• Exercise: Convert 110001.0112 to decimal

6
Conversion from Decimal to
Binary
• We’ll begin by converting integers
• Example: Convert 183 to binary
Solution: Note that the powers of 2 are
1, 2, 4, 8, 16, 32, 64, 128, 256, 512, ….
Now write 183 using just these powers.
Thus 183 = 128 + 55
= 128 + 32 + 23 = 128 + 32 + 16 + 7
= 128 + 32 + 16 + 4 + 2 + 1 = 101101112
7
Decimal to Binary - A Better Way
• Previous method is not suitable for large nos.
• A better method is to repeatedly divide by 2,
writing down the quotient and remainder at
each step, until the quotient is zero
• Now write down the remainders in reverse
order – this is the binary form of the integer
• Example : Convert 212 to binary
• Exercise : Convert 183 to binary
8
Example
2 212
106    0
53    0
26    1
13    0
6    1
3    0
1    1
0    1
Thus 212 = 110101002
9
Decimal Fractions to Binary
• The halves bit in the representation of 0.4 is 0,
because 0.4 is less than 0.5
• Expressed another way, the halves bit is 0
because 2×0.4 is less than 1
• Similarly, the halves bit in the binary form of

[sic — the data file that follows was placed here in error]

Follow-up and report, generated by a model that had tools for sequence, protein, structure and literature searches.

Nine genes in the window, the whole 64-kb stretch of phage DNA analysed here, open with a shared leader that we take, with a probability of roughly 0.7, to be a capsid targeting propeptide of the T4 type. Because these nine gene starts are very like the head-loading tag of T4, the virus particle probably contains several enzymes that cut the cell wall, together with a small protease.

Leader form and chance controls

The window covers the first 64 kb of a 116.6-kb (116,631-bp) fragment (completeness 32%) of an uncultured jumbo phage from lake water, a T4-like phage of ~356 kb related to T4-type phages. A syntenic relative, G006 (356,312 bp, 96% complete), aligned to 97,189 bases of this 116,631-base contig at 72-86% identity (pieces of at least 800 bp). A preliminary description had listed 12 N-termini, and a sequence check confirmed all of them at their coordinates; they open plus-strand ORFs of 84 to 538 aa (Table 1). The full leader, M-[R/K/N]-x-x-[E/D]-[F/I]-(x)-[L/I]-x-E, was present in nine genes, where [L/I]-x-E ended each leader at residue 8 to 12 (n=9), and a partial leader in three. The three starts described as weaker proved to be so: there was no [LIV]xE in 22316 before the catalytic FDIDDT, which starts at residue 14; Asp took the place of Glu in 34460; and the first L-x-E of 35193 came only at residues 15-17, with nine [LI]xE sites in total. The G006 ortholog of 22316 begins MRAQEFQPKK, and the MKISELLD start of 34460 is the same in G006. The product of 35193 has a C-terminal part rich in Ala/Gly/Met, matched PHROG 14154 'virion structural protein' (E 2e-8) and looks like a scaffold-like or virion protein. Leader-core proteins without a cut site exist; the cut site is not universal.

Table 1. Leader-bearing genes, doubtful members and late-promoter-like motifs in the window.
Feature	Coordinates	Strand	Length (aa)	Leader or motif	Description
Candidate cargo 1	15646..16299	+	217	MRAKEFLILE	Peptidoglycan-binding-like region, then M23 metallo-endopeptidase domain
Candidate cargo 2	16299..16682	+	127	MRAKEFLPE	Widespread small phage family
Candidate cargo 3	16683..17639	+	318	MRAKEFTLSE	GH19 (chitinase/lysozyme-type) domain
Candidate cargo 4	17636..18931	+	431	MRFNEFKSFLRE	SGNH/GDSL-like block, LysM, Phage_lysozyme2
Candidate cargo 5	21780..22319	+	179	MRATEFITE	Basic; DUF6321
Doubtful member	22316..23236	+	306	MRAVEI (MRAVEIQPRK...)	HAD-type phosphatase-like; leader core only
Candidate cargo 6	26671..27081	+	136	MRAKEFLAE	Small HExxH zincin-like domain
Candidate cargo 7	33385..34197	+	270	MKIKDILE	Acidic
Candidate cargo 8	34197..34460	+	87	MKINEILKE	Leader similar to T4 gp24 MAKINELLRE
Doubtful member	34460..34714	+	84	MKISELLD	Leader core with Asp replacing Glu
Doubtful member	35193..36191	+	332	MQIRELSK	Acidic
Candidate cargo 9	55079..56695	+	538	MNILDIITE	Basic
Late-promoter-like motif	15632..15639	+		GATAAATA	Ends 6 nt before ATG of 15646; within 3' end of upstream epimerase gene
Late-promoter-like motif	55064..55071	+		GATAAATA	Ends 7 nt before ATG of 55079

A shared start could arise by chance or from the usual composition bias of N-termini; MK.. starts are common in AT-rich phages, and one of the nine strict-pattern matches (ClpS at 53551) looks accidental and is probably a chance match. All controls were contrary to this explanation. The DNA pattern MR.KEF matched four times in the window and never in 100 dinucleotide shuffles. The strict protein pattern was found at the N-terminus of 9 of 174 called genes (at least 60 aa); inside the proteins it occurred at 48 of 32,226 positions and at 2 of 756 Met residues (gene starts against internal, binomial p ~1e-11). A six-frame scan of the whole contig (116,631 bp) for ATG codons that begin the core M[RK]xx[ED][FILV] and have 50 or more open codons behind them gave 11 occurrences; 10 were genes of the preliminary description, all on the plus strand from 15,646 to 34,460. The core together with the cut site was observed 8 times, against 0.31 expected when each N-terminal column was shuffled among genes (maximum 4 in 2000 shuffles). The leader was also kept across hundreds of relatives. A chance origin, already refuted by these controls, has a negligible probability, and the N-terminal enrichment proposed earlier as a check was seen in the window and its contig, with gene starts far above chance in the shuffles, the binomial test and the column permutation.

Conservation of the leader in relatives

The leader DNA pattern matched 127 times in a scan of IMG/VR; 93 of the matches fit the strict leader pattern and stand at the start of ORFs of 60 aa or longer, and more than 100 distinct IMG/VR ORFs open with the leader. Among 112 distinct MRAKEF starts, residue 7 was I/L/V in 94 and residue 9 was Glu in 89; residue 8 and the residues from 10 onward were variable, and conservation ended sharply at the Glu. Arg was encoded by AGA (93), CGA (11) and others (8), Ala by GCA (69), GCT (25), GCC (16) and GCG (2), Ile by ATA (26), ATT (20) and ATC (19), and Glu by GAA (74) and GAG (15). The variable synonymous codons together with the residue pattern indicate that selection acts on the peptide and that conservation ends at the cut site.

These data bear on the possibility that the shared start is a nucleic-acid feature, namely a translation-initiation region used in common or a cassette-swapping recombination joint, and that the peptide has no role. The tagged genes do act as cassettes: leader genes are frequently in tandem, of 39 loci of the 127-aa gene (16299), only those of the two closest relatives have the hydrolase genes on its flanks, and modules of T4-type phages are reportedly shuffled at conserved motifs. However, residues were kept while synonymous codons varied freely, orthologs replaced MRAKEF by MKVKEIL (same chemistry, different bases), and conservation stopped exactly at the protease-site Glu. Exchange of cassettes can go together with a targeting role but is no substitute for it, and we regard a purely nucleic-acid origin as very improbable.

0.6 is 1, because 2×0.6 is greater than 1
• So: The halves bit in the binary representation
of the decimal fraction n is the integer part of
2n                                              10
Method for Converting Fractions
• The method for calculating the halves bit
can be extended to find the complete binary
representation of a decimal fraction
• Method: Repeatedly multiply the fractional
part by 2, writing down the integer and
fraction at each step, until the fraction is 0
• Now write down the integers in order – this
is the binary form of the fraction
11
Example of Converting a Fraction
Example: Convert 0.6875 to binary
Solution: Set out the calculations as shown:
6875 2
1 3750
0 7500
1 5000
1 0000
Thus 0.6875 = 0.10112
12
Non-terminating Binary Fractions